What a sumptuous feast of buildings. Congratulations to the talented winners and finalists of the 2001 Brick Awards.
The themes in this issue really underline some important truths about brick - namely sustainability and innovation. I was particularly taken with the Viewpoint article on 1930s brick buildings. Pared down, sleek and highly innovative in their time, their social and design values reflected the aspirations of a generation. We are fortunate so many have endured to delight us today. But it's not dumb luck: it's the durability and adaptability of brick that made it such a sustainable choice then. As it is now. And just look at those output figures - 8,429 million bricks in 1939!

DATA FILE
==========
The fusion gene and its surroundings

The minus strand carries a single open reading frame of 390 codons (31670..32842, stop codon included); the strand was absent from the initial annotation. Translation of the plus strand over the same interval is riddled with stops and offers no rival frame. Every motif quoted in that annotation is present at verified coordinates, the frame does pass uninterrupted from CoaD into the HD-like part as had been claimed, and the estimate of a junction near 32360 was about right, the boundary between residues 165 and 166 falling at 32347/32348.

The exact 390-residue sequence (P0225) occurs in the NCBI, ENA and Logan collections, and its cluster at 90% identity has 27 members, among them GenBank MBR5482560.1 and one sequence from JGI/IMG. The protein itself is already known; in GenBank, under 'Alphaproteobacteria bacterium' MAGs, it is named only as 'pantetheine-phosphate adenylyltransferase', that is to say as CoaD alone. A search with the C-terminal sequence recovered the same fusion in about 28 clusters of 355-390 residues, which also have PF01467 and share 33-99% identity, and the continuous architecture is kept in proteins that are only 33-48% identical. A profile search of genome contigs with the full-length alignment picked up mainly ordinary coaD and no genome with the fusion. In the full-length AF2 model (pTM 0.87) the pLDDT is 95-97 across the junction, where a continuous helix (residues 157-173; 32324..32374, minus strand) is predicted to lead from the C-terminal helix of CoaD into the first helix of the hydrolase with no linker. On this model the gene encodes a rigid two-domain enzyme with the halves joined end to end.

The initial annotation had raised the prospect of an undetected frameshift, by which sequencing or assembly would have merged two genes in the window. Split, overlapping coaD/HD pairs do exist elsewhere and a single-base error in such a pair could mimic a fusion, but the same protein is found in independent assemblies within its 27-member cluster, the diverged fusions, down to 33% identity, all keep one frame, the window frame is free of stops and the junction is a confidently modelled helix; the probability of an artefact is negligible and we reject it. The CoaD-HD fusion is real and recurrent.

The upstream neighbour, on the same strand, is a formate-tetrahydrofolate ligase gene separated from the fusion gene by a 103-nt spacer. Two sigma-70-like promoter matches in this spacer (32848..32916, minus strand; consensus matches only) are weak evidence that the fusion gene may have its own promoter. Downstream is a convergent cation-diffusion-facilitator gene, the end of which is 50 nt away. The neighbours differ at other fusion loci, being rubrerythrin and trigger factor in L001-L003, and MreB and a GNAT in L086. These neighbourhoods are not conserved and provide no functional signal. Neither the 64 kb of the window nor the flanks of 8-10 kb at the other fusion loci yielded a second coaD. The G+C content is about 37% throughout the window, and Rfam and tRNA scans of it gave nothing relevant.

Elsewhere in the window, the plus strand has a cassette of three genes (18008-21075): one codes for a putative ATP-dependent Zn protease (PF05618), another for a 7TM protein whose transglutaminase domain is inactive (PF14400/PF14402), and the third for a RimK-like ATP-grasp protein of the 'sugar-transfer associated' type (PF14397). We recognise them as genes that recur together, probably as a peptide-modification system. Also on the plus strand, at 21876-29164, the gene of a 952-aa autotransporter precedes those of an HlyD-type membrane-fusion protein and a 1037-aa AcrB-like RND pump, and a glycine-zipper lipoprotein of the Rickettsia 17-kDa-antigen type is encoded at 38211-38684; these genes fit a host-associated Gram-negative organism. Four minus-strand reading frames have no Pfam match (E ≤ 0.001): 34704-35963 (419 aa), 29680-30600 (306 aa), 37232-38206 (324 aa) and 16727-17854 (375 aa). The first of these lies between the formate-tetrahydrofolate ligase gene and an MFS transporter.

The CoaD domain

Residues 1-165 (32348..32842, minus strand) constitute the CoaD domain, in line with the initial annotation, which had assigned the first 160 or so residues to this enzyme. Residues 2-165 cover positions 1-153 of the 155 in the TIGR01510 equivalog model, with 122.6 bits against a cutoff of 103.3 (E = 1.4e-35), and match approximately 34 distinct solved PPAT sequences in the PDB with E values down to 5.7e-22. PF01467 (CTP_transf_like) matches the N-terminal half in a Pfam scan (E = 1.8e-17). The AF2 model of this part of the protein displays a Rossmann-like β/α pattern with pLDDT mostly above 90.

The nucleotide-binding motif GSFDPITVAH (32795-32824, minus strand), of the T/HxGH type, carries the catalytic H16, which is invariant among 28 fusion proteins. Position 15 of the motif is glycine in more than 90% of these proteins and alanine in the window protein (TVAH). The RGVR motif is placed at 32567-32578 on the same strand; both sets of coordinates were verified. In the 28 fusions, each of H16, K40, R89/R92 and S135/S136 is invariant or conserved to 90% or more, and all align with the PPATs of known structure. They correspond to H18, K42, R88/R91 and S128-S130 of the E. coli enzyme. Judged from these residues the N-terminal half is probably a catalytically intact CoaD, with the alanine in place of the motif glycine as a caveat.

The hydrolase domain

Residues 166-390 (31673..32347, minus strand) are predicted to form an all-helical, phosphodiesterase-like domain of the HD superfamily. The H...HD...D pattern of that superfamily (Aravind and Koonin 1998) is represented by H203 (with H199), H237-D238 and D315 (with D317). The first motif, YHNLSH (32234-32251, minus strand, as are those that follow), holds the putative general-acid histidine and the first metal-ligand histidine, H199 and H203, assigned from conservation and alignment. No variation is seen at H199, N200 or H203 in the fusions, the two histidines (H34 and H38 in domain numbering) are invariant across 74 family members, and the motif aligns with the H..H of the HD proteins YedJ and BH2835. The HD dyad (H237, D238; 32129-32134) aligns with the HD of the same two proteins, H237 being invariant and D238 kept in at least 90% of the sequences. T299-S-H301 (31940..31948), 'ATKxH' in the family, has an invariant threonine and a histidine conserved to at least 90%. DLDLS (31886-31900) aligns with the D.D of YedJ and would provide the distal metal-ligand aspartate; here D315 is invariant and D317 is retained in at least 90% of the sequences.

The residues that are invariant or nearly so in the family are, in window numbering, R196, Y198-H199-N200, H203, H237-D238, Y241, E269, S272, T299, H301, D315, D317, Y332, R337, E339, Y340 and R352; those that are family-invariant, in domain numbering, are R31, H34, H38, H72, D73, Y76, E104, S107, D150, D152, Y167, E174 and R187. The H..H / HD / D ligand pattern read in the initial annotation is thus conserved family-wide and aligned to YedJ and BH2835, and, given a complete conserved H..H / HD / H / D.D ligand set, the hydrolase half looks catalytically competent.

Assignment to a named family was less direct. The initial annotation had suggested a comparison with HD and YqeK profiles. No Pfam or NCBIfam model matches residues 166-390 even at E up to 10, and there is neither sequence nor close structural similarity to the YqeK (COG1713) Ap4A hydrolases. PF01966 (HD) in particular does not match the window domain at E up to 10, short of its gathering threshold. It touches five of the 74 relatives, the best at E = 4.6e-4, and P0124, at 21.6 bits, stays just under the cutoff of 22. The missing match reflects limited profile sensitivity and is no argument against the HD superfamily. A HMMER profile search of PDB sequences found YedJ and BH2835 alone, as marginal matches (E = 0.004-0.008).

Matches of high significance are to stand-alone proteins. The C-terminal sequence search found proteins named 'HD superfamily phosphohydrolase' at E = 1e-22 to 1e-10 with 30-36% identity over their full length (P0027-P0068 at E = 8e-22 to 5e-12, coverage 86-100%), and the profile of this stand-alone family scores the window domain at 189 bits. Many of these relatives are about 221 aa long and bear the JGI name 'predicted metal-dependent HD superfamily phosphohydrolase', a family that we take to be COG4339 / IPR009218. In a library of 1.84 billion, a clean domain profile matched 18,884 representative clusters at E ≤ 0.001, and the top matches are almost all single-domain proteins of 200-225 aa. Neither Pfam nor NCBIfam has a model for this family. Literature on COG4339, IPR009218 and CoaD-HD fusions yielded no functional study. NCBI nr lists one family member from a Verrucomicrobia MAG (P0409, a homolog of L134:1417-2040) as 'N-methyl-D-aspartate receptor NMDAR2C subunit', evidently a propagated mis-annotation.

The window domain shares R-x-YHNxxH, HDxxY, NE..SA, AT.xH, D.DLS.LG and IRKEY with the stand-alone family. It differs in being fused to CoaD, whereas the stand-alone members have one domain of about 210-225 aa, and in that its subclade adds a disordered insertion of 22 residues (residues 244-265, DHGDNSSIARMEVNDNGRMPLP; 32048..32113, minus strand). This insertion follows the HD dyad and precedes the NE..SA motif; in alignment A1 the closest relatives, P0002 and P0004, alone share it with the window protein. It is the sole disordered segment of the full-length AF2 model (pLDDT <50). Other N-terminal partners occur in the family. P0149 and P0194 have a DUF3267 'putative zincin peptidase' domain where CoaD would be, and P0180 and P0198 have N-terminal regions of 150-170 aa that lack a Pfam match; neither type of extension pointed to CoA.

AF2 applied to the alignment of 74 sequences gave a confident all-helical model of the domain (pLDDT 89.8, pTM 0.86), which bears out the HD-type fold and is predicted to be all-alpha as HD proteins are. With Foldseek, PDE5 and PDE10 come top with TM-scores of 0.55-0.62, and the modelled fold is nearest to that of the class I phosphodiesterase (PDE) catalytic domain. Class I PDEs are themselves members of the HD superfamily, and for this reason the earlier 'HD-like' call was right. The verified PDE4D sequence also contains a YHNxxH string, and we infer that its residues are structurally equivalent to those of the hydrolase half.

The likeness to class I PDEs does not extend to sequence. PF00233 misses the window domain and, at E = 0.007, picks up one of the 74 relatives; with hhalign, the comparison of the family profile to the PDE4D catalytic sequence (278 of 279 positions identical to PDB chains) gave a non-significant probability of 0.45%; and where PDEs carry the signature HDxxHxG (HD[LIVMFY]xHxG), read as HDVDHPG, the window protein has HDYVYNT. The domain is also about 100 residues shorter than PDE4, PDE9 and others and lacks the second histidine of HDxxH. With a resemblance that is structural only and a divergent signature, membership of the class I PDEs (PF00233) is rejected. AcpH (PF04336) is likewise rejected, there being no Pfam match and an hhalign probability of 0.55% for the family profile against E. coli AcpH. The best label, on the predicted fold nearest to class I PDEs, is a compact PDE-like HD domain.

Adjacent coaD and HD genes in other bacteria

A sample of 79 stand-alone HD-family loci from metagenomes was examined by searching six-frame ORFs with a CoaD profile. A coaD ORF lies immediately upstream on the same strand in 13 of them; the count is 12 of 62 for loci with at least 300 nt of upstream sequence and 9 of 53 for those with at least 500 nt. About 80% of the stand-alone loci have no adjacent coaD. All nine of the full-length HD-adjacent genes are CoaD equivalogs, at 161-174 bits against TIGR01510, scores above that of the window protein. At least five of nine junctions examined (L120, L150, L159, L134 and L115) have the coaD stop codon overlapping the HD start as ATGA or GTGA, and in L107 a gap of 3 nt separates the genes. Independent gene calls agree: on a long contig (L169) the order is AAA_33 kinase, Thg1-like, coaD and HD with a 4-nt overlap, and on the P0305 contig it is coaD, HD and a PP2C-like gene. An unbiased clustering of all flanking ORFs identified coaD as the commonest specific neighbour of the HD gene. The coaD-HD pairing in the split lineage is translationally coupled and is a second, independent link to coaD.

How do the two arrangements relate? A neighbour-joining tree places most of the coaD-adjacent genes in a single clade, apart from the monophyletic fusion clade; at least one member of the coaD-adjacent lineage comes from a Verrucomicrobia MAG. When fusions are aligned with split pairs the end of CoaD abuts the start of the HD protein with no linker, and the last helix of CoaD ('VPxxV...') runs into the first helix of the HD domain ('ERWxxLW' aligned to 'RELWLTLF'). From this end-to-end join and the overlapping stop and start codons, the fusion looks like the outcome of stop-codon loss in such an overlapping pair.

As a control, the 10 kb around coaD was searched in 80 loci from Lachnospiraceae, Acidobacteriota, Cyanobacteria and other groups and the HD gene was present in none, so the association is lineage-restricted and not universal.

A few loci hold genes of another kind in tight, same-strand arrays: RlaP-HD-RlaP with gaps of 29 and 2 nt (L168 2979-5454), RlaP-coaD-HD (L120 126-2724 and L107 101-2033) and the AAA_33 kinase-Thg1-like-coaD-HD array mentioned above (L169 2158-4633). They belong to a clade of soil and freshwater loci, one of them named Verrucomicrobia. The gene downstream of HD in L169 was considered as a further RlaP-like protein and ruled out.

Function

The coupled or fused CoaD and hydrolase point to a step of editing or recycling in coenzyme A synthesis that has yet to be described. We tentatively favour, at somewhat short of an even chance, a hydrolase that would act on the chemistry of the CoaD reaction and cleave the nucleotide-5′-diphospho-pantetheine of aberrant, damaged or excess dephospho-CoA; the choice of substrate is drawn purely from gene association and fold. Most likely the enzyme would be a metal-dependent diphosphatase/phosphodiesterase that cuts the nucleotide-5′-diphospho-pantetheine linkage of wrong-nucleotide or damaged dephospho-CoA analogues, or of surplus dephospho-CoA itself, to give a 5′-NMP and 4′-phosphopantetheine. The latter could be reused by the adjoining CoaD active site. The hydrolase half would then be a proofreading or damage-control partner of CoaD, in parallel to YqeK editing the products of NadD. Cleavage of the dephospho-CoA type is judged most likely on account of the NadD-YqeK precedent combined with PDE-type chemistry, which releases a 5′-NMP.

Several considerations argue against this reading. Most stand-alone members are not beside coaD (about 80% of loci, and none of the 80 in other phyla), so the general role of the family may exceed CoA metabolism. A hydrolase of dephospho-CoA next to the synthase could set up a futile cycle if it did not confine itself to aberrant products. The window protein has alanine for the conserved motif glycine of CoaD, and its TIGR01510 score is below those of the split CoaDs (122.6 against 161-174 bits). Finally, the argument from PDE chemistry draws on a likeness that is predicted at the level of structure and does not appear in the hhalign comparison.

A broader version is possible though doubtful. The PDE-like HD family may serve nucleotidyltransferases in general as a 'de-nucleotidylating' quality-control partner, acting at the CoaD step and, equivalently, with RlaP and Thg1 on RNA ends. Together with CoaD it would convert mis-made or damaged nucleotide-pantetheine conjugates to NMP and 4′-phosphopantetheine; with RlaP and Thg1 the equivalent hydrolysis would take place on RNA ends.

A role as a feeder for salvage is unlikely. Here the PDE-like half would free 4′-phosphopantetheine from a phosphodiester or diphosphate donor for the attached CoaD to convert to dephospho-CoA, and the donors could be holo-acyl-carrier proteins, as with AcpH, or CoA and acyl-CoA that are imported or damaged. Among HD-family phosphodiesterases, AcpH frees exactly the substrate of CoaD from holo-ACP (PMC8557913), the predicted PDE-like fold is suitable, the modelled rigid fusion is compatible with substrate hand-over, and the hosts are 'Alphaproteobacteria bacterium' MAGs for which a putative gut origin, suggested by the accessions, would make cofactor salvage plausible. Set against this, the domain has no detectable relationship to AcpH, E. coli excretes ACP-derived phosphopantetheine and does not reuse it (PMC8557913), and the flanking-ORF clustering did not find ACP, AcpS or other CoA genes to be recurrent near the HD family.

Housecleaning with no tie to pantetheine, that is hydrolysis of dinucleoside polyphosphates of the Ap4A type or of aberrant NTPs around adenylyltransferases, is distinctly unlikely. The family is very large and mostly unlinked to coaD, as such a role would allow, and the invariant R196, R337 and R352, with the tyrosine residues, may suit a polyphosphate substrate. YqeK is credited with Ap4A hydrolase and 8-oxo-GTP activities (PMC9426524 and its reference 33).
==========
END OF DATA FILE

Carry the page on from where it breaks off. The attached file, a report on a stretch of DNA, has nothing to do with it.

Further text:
Of course, these days brick's main role is as a cladding. But how heartening to see craft bricklayer Nick Evans building such wonderful stuff in solid brickwork - including retaining walls nearly two metres thick. A few more like him and we would soon be back to 1939 figures!
And as cladding we see brick's ability to adapt; at Aston's Lakeside residences a 290mm brick module gives a new 'dimension' to the elevations; at Wigmore Street, a 52mm high brick, quarter bond and thin joints introduce a fine, fresh rhythm and texture. Then really 'off the wall' projects - bulbous elevations in Cork, Gehry's Neuer Zollhof in Dusseldorf and the riotous patchwork wall of colour in Arnhem - all conceived with wonderful verve and daring.
At BedZED, a pioneering development in sustainable, lowenergy housing, brick cavity walling is achieving a U value of 0.1 - way in excess of the new Part L requirements.
BedZED is a pioneer now - but could well be mainstream before long. Because what strikes me looking back is how soon innovation becomes convention, becomes tradition.